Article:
The first, Article 11, was dubbed by some as a "link tax" because it would have required digital platform companies such as Facebook Inc.to pay publishers for every link users post to their content.
Two weeks ago, European Parliament sent the media world into a frenzy by pushing legislation that threatened to dismantle the internet as we now know it.
The draft law was firmly resisted by major United States tech giants as well as advocates of Internet freedom.
"We are confident that the European Parliament will eventually support a framework that fully acknowledges the rights of creators in the digital landscape of the 21st century".
By way of a quick recap, the crux of the directive's perceived flaws lay in Article 13 and Article 11.
A series of high profile figures had joined the campaign against the proposals, including comedian Stephen Fry, British inventor of the World Wide Web Sir Tim Berners-Lee, and co-founder of Wikipedia Jimmy Wales.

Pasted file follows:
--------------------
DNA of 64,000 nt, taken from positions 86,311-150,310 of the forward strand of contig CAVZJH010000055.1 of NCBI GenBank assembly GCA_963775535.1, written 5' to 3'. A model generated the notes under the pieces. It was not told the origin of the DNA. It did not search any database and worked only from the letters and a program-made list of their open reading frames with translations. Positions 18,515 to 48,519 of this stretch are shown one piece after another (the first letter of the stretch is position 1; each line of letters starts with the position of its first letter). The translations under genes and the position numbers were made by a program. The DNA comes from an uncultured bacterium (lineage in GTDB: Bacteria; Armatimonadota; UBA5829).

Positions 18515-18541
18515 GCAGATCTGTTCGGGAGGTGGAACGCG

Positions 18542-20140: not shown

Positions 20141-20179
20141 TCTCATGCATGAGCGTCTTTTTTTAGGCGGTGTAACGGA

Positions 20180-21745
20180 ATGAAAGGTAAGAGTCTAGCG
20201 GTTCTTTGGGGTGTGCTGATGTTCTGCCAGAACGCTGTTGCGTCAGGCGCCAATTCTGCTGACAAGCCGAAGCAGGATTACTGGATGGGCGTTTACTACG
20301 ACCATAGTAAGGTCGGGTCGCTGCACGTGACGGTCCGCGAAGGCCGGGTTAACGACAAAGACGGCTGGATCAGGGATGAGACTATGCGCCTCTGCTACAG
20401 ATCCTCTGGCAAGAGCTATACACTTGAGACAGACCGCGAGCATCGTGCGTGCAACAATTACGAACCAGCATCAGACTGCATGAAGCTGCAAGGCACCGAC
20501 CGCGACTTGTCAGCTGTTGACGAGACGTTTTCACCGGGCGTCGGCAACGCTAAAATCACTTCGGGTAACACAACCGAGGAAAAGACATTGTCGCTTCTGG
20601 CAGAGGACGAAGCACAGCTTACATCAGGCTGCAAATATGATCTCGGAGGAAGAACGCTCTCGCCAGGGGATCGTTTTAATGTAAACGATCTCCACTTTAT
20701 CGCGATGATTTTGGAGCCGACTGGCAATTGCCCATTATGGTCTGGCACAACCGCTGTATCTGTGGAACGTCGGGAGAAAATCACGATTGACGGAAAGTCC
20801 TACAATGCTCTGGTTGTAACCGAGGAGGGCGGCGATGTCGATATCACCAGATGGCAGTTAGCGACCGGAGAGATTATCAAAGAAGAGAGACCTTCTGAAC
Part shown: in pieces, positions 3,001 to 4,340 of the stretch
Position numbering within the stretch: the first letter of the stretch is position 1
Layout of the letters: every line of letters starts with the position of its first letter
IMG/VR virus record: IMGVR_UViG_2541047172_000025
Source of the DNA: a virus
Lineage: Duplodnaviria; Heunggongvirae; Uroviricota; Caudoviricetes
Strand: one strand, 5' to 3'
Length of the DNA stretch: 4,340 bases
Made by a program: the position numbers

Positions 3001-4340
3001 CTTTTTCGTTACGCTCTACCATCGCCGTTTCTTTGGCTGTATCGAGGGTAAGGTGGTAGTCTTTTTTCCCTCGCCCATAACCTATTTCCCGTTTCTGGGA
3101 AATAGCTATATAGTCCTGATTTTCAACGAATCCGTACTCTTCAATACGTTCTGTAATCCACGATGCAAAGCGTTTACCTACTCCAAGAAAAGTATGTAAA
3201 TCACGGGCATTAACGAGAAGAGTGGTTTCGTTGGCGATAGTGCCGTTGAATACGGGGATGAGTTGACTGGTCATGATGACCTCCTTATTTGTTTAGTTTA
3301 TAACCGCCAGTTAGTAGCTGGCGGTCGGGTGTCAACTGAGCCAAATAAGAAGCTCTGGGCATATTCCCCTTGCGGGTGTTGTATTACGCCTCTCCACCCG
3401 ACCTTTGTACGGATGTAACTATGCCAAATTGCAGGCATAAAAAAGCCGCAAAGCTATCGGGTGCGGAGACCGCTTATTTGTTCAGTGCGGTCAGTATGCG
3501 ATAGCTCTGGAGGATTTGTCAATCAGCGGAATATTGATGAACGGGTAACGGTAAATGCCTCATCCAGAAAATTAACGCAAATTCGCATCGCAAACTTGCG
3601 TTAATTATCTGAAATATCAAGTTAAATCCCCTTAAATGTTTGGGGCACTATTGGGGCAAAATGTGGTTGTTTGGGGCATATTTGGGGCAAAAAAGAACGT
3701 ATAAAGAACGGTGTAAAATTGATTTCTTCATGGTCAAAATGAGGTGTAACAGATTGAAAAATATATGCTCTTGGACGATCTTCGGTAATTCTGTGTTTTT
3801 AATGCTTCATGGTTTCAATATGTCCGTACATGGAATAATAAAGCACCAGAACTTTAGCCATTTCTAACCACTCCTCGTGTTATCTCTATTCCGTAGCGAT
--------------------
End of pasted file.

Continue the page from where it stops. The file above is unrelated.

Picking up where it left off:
"The broad scope of Article 13 could have covered any copyrightable material, including images, audio, video, compiled software, code and the written word", wrote James Temperton at Wired after the measure was voted down.
"The European Parliament will now be able, in an open debate, to improve the text and defend freedom of expression ahead of the next elections", said Diego Naranjo, Senior Policy Advisor at EDRi.
He continued: "They've heard the massive opposition, including Internet blackouts and 750,000 people petitioning them against these proposals".
Deputy Prime Minister Luigi Di Maio, who is also the leader of the anti-establishment Five Star Movement (M5S), said that the protest had the full support of the government. Unlike many online publications, we don't have a paywall or run banner advertising, because we want to keep our journalism open, without influence or the need to chase traffic.
The proposal will be voted upon again in September, following any modifications which may make it more likely to be passed.